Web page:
In 2013, Desjardins became a member of industry association nexo standards. nexo standards develops messaging protocols and specifications, which adhere to ISO 20022 standards and enable fast, interoperable and borderless payment acceptance by standardising the exchange of payment acceptance data between merchants, acquirers, PSPs and other payment stakeholders.

When developing the payment application, Desjardins has adhered to nexo FAST specifications. These specifications are based on EMV chip and PIN technology and provide an unambiguous description of how a payment application should be designed to enable global interoperability and to comply with the SEPA Cards Framework of the European Payments Council.

The nexo FAST specifications have enabled Desjardins to develop a universally interoperable application, mitigating the need to redevelop it according to the specific needs of each domestic payment acceptance infrastructure.

The nexo messaging protocols supported by the application follow the same principles. To ensure the application can seamlessly communicate with terminal management systems, acquirers, and merchants’ payment systems globally, it was built to support the nexo acquirer protocol, the nexo retailer protocol, and the nexo TMS protocol.

  • The nexo acquirer protocol allows the use of real time or batch submissions and supports direct connections from merchant to acquirer or via a payment service provider intermediary.
  • The nexo retailer protocoldefines a set of interfaces between a card payment application and a retail point-of-sale system. It offers new innovative features such as a clear separation between sale and payment, the provision of a complete series of payment and loyalty services as well as a common approach for all types of architectures and environments.
  • The nexo TMS protocol provides an interface between a terminal management system (TMS) and a payment system. It supports the functions for configuring, managing and maintaining the application’s parameters, as well as the software and the security keys of a payment system.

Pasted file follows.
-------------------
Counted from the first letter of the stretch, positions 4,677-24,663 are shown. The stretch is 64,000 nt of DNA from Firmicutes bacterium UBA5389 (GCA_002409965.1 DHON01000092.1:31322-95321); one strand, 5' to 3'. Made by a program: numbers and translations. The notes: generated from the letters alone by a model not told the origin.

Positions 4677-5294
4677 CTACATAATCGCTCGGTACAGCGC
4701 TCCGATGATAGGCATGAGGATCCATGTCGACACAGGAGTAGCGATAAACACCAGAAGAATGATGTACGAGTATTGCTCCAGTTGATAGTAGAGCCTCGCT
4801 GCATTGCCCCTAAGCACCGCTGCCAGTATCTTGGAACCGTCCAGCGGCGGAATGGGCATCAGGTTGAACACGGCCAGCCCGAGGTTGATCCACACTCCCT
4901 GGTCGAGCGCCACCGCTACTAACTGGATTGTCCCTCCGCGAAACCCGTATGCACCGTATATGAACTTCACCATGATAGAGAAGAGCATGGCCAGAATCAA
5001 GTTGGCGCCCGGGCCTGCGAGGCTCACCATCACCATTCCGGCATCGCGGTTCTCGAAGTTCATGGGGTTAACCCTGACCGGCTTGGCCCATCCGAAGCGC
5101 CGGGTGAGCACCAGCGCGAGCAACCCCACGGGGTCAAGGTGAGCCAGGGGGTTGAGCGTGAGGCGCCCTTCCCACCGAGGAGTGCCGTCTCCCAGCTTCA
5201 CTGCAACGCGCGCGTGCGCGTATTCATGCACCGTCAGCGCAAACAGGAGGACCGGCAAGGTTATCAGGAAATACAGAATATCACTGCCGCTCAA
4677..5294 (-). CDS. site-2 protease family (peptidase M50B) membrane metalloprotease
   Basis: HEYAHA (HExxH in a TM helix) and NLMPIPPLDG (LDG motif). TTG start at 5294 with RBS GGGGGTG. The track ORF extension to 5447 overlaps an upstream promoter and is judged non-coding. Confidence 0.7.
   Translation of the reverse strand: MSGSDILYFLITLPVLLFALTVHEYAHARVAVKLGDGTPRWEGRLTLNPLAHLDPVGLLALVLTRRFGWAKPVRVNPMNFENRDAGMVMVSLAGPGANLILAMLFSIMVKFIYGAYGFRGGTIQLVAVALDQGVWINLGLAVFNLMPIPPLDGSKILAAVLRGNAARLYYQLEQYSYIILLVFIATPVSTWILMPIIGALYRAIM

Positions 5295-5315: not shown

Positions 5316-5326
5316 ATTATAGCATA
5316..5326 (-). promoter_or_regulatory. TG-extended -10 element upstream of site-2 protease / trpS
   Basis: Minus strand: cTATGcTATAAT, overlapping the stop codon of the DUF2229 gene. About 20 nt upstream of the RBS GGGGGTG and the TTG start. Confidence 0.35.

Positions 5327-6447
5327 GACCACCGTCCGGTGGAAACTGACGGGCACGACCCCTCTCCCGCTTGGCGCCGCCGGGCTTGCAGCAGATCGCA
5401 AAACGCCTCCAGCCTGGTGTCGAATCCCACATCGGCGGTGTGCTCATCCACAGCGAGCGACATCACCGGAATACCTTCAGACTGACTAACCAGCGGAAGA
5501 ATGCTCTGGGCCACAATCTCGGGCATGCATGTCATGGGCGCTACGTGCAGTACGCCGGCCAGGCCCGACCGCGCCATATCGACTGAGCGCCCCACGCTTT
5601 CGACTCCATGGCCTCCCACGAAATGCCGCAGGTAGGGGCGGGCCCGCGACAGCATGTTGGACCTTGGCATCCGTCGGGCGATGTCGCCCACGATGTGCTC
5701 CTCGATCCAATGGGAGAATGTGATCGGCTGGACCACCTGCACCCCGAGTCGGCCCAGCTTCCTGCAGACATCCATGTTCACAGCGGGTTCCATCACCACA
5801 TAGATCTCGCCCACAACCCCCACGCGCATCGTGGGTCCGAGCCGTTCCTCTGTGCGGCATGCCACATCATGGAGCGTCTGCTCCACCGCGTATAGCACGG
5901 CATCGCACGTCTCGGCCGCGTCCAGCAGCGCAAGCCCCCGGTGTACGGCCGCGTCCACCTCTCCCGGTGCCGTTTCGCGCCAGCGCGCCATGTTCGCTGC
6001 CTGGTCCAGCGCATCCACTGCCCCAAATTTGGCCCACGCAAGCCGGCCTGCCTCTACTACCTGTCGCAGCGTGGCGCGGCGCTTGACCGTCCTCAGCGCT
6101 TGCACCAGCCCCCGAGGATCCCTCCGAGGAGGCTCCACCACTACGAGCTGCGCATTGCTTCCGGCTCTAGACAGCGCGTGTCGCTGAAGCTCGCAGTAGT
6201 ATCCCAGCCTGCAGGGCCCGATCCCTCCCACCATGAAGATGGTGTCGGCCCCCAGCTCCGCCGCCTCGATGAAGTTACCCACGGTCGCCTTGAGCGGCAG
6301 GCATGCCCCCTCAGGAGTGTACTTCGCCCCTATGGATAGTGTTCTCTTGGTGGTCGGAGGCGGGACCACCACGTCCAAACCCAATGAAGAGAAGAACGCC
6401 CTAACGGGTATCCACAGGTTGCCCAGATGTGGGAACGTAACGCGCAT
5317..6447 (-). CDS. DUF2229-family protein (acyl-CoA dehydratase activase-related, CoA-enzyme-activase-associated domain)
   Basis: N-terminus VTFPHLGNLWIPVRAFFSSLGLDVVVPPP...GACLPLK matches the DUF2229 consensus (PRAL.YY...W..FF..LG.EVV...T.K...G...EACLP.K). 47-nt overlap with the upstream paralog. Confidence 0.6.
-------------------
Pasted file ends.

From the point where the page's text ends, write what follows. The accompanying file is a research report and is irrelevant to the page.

There are numerous advantages to this development. Desjardins can now easily parameterise the payment application for each country so the terminal can communicate with cardholders in their native language, while remaining internationally interoperable. Desjardins has already deployed the same terminal and payment application in Canada, France and Portugal, supporting French, English and Portuguese languages, together with the Canadian dollar and Euro currencies.

As Desjardins’ cooperative ethos aims to serve the international payments ecosystem as well as its own members and clients, Desjardins made its payment application available to a wider market, enabling other financial institutions and merchants to realise the same benefits that Desjardins has to date.  


Desjardins, together with its members and clients, has experienced a variety of benefits following the adoption of nexo’s standards:

Lower implementation costs

  • As Desjardins’ acceptance messaging infrastructure is now fully interoperable and harmonised globally, the development, roll out and management of new payment solutions can now be done quickly and cost effectively, with the guarantee that all transactions are secure end-to-end. This has reduced implementation costs by as much as 20%.

Cross-border communications

  • Desjardins’ merchant members and clients that support nexo standards are now free to expand their operations internationally, unconstrained by their card payment acceptance infrastructure. Desjardins can now deploy enhancements to its payments applications six to eight weeks faster than previous deployment timeframes. 

Global partnerships and fuel for innovation

  • A cross-border payments infrastructure that is globally interoperable, future-proofed and secure, empowers merchants to select best-of-breed suppliers on a global basis. This encourages collaboration, mitigates vendor lock-in, facilitates innovation and increases the merchant’s powers of negotiation. Vendor costs are therefore significantly reduced by tapping into a potentially global base of vendors and suppliers, enabling greater choice and competition. 

Added value for members and the embodiment of Desjardins’ cooperative ethos

  • Desjardins’ members and clients benefit from first-mover access to the new global payment acceptance infrastructure. Moreover, the international payments ecosystem also benefits from Desjardins’ open ethos; its vision of payment solutions is based on the principles of cooperation and partnership, and emphasizes human values in business practices. 

Paradigm shift